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Juiced 2: Hot Import Nights

Review: Will Porter gets his usual hot import nights through a Dutch mail order firm

In any other year a PC racing-lite enthusiast would be reading this review and being subjected to a list of reasons as to why the latest Need For Speed is far better. But that's now been thrown high up in the air what with ProStreet being an ill-conceived dog egg of a game. Surging into pole position then, in this almighty 'probably better played on console tbh' stand off, is Juiced 2: Hot Import Nights.

This is a curious amalgam of every console racer under the sun: with the pimped performance cars and jiggling ladies of a Need for Speed, the drifts of Ridge Racer, the focus on nitro and rival freak outs of a Burnout, and the real world locations (or at least strategic Big Ben placement) of a Project Gotham.

Zoom

And it's a competent game too - handling is of the 'simple, but hard to master' variety, tracks are well-designed and the difficulty level well pitched. So, Juiced 2 is a right little magpie of a game, picking out bits from other racers it fancies, but while the basic racing ticks the required boxes, little that it pinches works as well as it should. And the AI isn't too hot either.

What's more Hot Import Nights holds itself in the same manner of a drunken dad at a wedding disco jiving to 'that Umbrella song they play on the radio'. It gets the sexy ladies on the loading screens right (not exactly tricky that one) - but whose idea was it to have you driving round London listening to Voodoo People by The Prodigy? An electro-punk classic it may be, but Juiced 2's target audience were barely born when that song was out.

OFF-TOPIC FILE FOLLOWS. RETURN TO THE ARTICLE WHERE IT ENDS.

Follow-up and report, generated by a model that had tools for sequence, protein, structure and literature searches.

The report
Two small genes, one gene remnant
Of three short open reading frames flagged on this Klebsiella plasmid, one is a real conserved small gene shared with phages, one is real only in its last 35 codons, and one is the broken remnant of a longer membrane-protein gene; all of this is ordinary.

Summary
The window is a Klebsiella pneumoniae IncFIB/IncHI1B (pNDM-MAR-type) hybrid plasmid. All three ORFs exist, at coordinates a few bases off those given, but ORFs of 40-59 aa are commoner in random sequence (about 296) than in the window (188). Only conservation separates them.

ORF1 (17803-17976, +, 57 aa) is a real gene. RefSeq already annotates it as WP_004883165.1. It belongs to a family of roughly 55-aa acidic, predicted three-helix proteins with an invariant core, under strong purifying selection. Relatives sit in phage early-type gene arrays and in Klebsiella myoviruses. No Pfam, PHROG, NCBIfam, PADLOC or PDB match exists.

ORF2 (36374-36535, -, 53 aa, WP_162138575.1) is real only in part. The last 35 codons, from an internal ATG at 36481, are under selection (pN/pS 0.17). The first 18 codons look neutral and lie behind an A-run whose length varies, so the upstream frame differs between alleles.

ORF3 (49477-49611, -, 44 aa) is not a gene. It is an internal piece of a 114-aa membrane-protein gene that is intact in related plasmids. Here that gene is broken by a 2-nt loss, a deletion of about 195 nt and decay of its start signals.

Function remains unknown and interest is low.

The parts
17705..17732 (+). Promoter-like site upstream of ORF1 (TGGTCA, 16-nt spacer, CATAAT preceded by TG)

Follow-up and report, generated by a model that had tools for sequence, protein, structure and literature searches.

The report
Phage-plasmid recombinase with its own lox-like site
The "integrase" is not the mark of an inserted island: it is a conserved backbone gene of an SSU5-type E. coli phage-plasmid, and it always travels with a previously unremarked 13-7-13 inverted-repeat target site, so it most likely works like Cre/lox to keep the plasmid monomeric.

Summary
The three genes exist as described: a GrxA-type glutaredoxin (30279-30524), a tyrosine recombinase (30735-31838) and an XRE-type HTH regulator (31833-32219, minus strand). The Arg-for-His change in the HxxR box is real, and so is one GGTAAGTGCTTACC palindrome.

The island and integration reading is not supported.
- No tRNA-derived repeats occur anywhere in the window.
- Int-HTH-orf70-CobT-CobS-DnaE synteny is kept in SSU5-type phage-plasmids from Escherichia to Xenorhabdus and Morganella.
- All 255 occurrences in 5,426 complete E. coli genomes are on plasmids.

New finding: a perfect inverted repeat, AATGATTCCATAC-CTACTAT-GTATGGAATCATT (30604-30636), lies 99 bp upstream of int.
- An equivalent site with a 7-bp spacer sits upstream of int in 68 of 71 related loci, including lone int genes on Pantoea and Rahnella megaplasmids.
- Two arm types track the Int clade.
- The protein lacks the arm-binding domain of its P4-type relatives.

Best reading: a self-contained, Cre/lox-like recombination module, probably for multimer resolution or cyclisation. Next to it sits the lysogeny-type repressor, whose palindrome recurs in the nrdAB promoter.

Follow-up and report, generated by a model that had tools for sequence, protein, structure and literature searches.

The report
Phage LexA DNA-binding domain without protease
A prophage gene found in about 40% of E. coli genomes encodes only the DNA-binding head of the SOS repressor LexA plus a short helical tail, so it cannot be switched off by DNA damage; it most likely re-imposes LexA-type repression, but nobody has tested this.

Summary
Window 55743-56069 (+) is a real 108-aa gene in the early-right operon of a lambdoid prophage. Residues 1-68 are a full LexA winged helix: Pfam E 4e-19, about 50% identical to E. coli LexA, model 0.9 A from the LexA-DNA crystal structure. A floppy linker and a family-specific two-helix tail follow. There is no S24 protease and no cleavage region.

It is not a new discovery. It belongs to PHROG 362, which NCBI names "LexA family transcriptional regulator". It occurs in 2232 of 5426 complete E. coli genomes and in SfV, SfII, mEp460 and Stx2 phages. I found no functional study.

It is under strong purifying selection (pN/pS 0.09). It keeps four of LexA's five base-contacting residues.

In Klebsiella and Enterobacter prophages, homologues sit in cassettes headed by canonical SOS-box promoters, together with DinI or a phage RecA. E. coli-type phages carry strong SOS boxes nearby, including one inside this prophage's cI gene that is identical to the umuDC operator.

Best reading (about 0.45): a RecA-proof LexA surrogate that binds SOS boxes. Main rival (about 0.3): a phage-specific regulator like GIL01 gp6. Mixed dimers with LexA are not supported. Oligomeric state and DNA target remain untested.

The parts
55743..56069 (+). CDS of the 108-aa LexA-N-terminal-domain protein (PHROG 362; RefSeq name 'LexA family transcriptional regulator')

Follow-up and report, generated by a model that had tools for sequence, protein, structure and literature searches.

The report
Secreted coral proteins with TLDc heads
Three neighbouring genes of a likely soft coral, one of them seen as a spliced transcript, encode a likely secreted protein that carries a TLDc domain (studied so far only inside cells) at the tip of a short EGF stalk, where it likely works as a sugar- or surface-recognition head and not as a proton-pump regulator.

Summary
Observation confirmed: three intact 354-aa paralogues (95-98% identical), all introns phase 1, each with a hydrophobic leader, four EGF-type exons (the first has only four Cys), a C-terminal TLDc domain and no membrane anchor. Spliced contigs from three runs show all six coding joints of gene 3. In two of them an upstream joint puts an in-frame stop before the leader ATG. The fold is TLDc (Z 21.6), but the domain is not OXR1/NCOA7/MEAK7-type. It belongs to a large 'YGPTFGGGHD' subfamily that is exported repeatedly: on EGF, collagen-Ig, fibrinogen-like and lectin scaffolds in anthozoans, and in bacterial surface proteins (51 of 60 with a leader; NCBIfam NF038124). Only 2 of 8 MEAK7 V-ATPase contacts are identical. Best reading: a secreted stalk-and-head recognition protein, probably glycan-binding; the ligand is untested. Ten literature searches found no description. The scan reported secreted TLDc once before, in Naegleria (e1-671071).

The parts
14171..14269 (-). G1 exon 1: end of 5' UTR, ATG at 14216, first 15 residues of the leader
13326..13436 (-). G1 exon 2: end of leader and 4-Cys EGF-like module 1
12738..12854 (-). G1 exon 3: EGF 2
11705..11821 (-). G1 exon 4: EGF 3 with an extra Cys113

The game's stab at originality comes with a DNA system that keeps tabs on how you race so a carbon copy of your racing brain can be put into a friend's career mode - but it fails to realise that everyone plays this game in the same way: go fast, take corners well, don't crash.

Juiced 2 is an insecure game unsure of who wants to play it, but that's not to say it isn't fun. The races are challenging, hectic, and occasionally exhilarating, while the modding has enough flashy company logos to bamboozle the layman into believing it authentic. Beyond the go-faster stripes, though, there's little sense of ownership as such. So instead of putting forward this year's NFS as an alternative, just get last year's.

The verdict

Tepid Xbox-port days

  • Fun racing, good learning curve
  • Better than NFS: ProStreet
  • Daft Driver DNA system
  • Copies lots, perfects absolutely nothing
  • Pretty damn generic in all honesty
6.7
Format
PC
Developer
Juice Games
Publisher
THQ
Genre
Racing / Driving

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